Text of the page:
Carrot and Celery Fly Control

Carrot and Celery Fly Control




That little pest that really annoys me is the Carrot fly: A creature that is a member of the Psilidae family, also called ” Rust Flies “. except eating carrots, they can also be found on: celery, parsnips and parsley. I seems me that they are out to get my crop, what ever I do.

To understand them, the place to start is to know what they do. The fly lays their eggs at the base of the plant, they hatch and start eating the nearest food, which is, your crop. The fly is attacked to the seedlings by the odour of them

There are two ways of preventing this, both of them, try to make the crop distasteful to the fly.

One way of doing this is to soak sawdust in paraffin and spread this down between the rows.

Another idea is to spread wood ash over the whole seed-bed.

However, the carrot fly has one major disadvantage and that is that it cannot go higher than three feet of the ground. Using this disability is a much better way to grow a fine crop of carrots.

Once again there are two ways of doing this:

One is to make a obstacle of three and a half feet right round the seed-bed with horticultural fleece or netting. I have tried this and find it is not so easy to continue the obstacle because of wind and rain which makes it collapse.

The way I use, is to sow my carrots in tubs or troughs and put them on a bench. A friend of mine puts his on the roof of his garage. We both have fine crops of carrots each year.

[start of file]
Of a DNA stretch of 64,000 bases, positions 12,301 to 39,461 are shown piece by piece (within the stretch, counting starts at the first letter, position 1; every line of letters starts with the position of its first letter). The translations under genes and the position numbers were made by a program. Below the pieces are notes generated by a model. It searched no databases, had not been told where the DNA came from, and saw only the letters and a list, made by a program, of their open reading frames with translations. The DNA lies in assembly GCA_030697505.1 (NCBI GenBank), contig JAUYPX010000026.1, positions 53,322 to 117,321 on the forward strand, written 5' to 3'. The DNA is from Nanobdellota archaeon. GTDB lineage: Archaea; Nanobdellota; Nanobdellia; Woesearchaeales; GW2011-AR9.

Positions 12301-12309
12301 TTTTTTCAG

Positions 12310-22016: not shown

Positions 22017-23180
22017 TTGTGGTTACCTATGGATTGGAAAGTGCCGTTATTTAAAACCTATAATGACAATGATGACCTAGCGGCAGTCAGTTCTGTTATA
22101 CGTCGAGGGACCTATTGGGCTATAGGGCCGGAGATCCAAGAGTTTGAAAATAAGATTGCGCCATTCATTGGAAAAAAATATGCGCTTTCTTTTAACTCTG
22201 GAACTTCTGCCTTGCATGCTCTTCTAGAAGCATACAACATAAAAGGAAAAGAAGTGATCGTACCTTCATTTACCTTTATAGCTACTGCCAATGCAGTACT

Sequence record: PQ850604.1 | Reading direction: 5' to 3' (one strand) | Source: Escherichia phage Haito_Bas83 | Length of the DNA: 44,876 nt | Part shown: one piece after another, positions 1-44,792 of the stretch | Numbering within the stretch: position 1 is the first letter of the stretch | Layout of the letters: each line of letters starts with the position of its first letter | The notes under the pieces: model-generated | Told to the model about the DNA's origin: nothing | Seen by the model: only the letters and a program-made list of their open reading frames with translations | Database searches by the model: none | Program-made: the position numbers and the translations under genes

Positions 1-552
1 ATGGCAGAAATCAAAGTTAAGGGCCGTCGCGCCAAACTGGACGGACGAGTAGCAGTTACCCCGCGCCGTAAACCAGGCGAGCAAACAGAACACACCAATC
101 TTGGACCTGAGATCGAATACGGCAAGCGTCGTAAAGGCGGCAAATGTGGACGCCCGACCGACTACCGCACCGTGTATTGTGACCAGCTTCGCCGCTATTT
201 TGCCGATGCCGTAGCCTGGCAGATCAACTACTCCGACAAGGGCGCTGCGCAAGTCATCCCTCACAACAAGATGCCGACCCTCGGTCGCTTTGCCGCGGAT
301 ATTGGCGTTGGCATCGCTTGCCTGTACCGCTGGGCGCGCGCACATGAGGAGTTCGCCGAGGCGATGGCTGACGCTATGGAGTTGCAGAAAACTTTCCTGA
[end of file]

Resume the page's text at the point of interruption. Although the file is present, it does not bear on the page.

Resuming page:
The celery fly

The celery fly is a very different creature to the carrot fly; they can fly and has green eyes. The larvae of this fly is 7mm long, where as the carrot fly’s larvae is 9mm long, so if you do not see the two together in the larvae stage, it is difficult to know the difference.

Once again, the best way of dealing with this pest is to make the celery fly go away and satisfy somewhere else by making the vegetation distasteful. This is best done by dusting the crop frequently with equal parts of lime and old soot. The lime should be finely powdered and the dustings should be done when the vegetation is wet or damp with dew, so that the soot/lime mix sticks to the vegetation.

It is really worth doing something about this pest because the females of this very destructive fly are most prolific in the laying of eggs. The grubs that hatch bore their way into the tissues of the celery vegetation and absolutely kill the crop.

The celery fly also attack parsnips. the crop will characterize inconsistent lines on the leaves along with brown patches. You can save your crop by taking the leaves and burning them.

If, you wish, I am sure that you can buy some sort of chemical spray to deal with the ‘ fly problem’, however I prefer to garden without chemicals.




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